The speed at which the film passes through the machine is dependent upon the type of material being run, its thickness and the length of bags being produced. The speed also depends upon the operating speed of the extruder or the printing machine when the apparatus is directly connected to them. The machine could also operate at higher speeds when a rolled up film 22 such as that shown in FIG. 3 is connected to the machine. The differential tachometer 36 is adjusted to the average operating speed for each case and the range between the minimum and maximum settings of the tachometer will be in accordance with the range of shrinkage of the film. When the speed of the film exceeds either the upper or lower limit settings of the tachometer, the speed of rollers 43 and 44 will be increased or decreased accordingly, and will maintain the film in a relaxed state without tension. The tachometer is connected to the main drive motor of the apparatus in order to regulate its speed in accordance with the shrinkage and tension in the film. All of the rollers of FIG. 4 may be similar to the rollers described with respect to FIG. 3 in having non-slip surfaces.
FIG. 5 shows one embodiment of a perforating and welding unit wherein film 20 is fed to a driven roller 48 which is driven by chain drive 45 connected to a sprocket at the end of the roller. Roller 48 is driven at the same tangential speed as roller 44. The peripheral speed of rollers 44 and 48 will be the same and always adjusted by differential tachometer 36. The web is then passed between cooling blowers 49 into driven roller 51 which is driven by chain 50.
Directed against the surface of roller 48 is a welding assembly 52 which can be propelled by solenoid 53 when an electrical signal is applied to it. When welder 54 strikes web 20 on the surface of drum 48, it will move downward as shown by arrows 57, following web 20 until the weld has been completed. Welder 54 will then be retracted from the web by the solenoid spring. Spring 55 will return the welding assembly 52 back to its horizontal normal position against stop 59. Drum 48 preferably has a resilient surface (teflon coated) so that it will accept the edge of welder 54 after it engages the plastic tubular web 20. The welded film, after being cooled by blowers 49, is then fed by driven cylinder 51 to a perforating assembly.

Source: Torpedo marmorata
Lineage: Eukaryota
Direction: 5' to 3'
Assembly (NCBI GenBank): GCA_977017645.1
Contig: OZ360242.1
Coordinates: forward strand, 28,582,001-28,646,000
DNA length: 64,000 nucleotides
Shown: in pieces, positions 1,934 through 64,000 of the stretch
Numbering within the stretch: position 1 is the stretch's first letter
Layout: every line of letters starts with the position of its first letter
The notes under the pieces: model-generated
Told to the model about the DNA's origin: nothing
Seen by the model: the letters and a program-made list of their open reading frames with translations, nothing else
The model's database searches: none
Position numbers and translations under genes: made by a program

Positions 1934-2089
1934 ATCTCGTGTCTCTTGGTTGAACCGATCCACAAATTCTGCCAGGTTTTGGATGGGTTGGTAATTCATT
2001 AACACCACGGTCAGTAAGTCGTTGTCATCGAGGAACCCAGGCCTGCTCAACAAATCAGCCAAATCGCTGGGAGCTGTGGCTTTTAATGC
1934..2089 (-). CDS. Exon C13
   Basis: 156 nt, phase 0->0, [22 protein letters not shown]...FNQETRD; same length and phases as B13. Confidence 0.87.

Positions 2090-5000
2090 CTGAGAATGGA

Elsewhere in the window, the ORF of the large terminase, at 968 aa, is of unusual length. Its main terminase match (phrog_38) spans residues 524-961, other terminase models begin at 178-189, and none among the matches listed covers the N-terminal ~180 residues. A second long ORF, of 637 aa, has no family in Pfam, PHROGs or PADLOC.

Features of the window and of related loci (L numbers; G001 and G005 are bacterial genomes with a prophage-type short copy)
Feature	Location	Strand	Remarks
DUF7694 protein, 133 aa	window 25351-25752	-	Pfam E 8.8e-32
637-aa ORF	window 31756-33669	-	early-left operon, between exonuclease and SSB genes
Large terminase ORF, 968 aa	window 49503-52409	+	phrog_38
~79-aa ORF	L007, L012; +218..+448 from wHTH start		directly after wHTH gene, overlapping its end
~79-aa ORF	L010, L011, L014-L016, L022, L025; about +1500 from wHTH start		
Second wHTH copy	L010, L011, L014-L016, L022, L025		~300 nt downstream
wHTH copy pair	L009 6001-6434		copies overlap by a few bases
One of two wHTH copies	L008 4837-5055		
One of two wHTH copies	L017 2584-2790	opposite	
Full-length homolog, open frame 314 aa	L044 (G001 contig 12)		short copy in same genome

A perforating blade 60 is mounted on the end of a further solenoid 61 for contact with the surface of film 20 and block 62. An electrical signal applied to solenoid 61 will cause perforating blade 60 to contact moving web 20 and push it against resilient block 62 so as to form a line of transverse perforations across the moving web. Springs 63 will permit both the perforator and the block to move in the direction of the film as the perforation is completed. After the perforating blade is retracted, the perforating assembly and the block will return to its original position against stops 64 and 65.
The embodiments of FIGS. 6--9 disclose an alternative unit for welding and perforating the bag over the unit shown and described with respect to FIG. 5.
Plastic film 20 fed from rollers 43 and 44 of the device of FIG. 4 will pass between rollers 70 and 71 which are driven by chains 72 and 73 respectively. Cylinder 70 is connected to cylinder 44 and cylinder 71 is connected to cylinder 43 of FIG. 4 so that when the speed of cylinders 43 and 44 are adjusted by the differential tachometer 36, the speed of cylinders 70 and 71 will also be adjusted. Film 20 then passes vertically downward between two horizontal blocks 74 and 75 which perform the welding and perforating operations. Block 74 moves vertically in guides 76. Block 74 includes rails 77 which slidably engage vertical grooves in block 76. Guides 76 can also move horizontally in L-shaped blocks 78 which are secured to the frame 79 of the apparatus. When solenoids 83 which are connected to rollers 84 are actuated by a timing device described in FIG. 10, they will propell rollers 84 against block 74 forcing it to engage block 75 so that a pair of toothed surfaces 80 on block 74 will engage toothed surfaces 81 on block 75 to prevent relative motion from occuring between the blocks. Toothed surface 81 preferably has a resilient cushion 82 mounted behind it to absorb the impact shock when the two blocks meet. Simultaneously, solenoids 85 will urge rollers 86 against the back surface of block 75. Cylinders 84 and 86 are driven by chains 72 and 73 connected to their sprocket wheels and coupled to cylinders 70 and 71 respectively. Block 75 includes vertical rails 88 at each end designed to engage and slide into guides 87 which are secured to frame 79 of the apparatus.